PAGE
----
Even if you don't think you know what positional therapy is, you actually do. It's the push or shove to your side you get from your spouse when you snore; it's the fancy $150 pillow at Brookstone which is promoted as a cure for snoring; and it's the old-fashioned snoring remedy of pinning tennis balls to the back of your nightshirt. Nevertheless, the term was an entirely new one to me, and one I still have never heard spoken by my sleep physician, or any other doctor for that matter. The reason, you might guess, is that positional therapy isn't an effective treatment for Sleep Apnea. But an ever expanding body of scientific research shows that certain forms of it can be.
Remember that pesky sleep study you had the pleasure to undergo when sleep technicians strapped you with enough scary looking equipment and leads to have you doing a double-take as to whether in a former life you were a suicide bomber? One of the things it measured was the position you were in when your apnea and hypopnea events occurred. A fair portion of the Sleep Apnea population, by some estimates a third to a half of all those with Sleep Apnea, experience events that can be "cured" by staying off one's back at night, and instead sleeping on one's side.
Scientists at Temple University have released a study (results of which attached below) that indicates that their new device, the ZZoma, pictured above, is as effective as is CPAP in normalizing the AHI of individuals suffering from positional obstructive sleep apnea.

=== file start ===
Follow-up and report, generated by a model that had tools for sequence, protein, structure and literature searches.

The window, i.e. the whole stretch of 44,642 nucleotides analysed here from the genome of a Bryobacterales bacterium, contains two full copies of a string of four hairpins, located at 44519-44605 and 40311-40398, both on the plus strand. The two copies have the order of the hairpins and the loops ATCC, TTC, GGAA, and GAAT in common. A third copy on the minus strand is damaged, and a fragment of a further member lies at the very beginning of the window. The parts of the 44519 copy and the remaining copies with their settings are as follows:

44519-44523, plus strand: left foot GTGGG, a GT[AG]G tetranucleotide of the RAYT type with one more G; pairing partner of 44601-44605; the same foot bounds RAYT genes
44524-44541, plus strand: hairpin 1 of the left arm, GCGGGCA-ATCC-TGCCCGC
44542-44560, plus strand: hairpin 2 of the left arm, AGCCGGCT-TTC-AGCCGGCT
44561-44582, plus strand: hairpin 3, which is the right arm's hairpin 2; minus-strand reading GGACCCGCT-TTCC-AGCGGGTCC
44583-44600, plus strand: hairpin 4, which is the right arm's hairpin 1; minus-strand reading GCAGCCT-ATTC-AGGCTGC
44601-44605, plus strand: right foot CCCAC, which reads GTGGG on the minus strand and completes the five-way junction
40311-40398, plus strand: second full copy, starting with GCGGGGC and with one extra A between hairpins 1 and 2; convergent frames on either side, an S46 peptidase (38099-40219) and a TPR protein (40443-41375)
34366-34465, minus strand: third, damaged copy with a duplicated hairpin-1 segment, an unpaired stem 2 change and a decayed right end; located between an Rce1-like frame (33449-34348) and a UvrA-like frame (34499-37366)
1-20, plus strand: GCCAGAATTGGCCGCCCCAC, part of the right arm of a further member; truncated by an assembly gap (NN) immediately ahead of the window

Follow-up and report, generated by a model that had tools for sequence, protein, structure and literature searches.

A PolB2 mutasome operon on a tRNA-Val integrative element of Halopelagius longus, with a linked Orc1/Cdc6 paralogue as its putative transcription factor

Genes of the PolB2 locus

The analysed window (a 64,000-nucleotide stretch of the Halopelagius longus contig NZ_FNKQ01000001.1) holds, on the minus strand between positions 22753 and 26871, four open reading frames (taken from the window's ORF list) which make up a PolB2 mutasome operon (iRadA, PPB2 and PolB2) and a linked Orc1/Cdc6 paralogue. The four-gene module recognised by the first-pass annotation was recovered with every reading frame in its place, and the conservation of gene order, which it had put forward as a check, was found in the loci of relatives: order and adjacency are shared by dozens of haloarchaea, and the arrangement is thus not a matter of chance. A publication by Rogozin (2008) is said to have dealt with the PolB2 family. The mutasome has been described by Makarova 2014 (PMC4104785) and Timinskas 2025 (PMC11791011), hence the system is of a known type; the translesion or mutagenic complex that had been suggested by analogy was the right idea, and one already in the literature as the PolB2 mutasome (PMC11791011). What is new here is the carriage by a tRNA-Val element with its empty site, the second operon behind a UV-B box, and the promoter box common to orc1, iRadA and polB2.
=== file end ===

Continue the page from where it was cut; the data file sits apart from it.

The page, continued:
So why don't we hear much about positional devices such as the ZZoma as an option from our doctors? It's a good question that each of us should ask our doctors. Putting their silence on this subject in the best light, positional remedies aren't appropriate for a vast number of Sleep Apnea patients, particularly those who have central or mixed apnea, or who have apnea/hypopnea events in all sleeping positions. More important, sending patients who have a chronic, life threatening disease away with a prescription to sleep on their sides, even if they have positional sleep apnea, is not as optimal a solution as prescribing a CPAP, which can give ongoing data about usage and effectiveness in a way that the ZZoma, Brookstone pillow and tennis ball cannot.
That said, we know that doctors, DMEs and patients don't always follow up on and scrutinize CPAP data. In fact, the CPAP machines often prescribed first do not even record data. We at SleepGuide believe that if doctors and DMEs are to justify the additional costs of a high caliber piece of technology such as a CPAP machine for their patients, that they must do a better job of monitoring compliance, including allowing patients to have as much access to their compliance data as possible. If they don't, maybe their patients would be just as well off as with a tennis ball pinned to their shirts.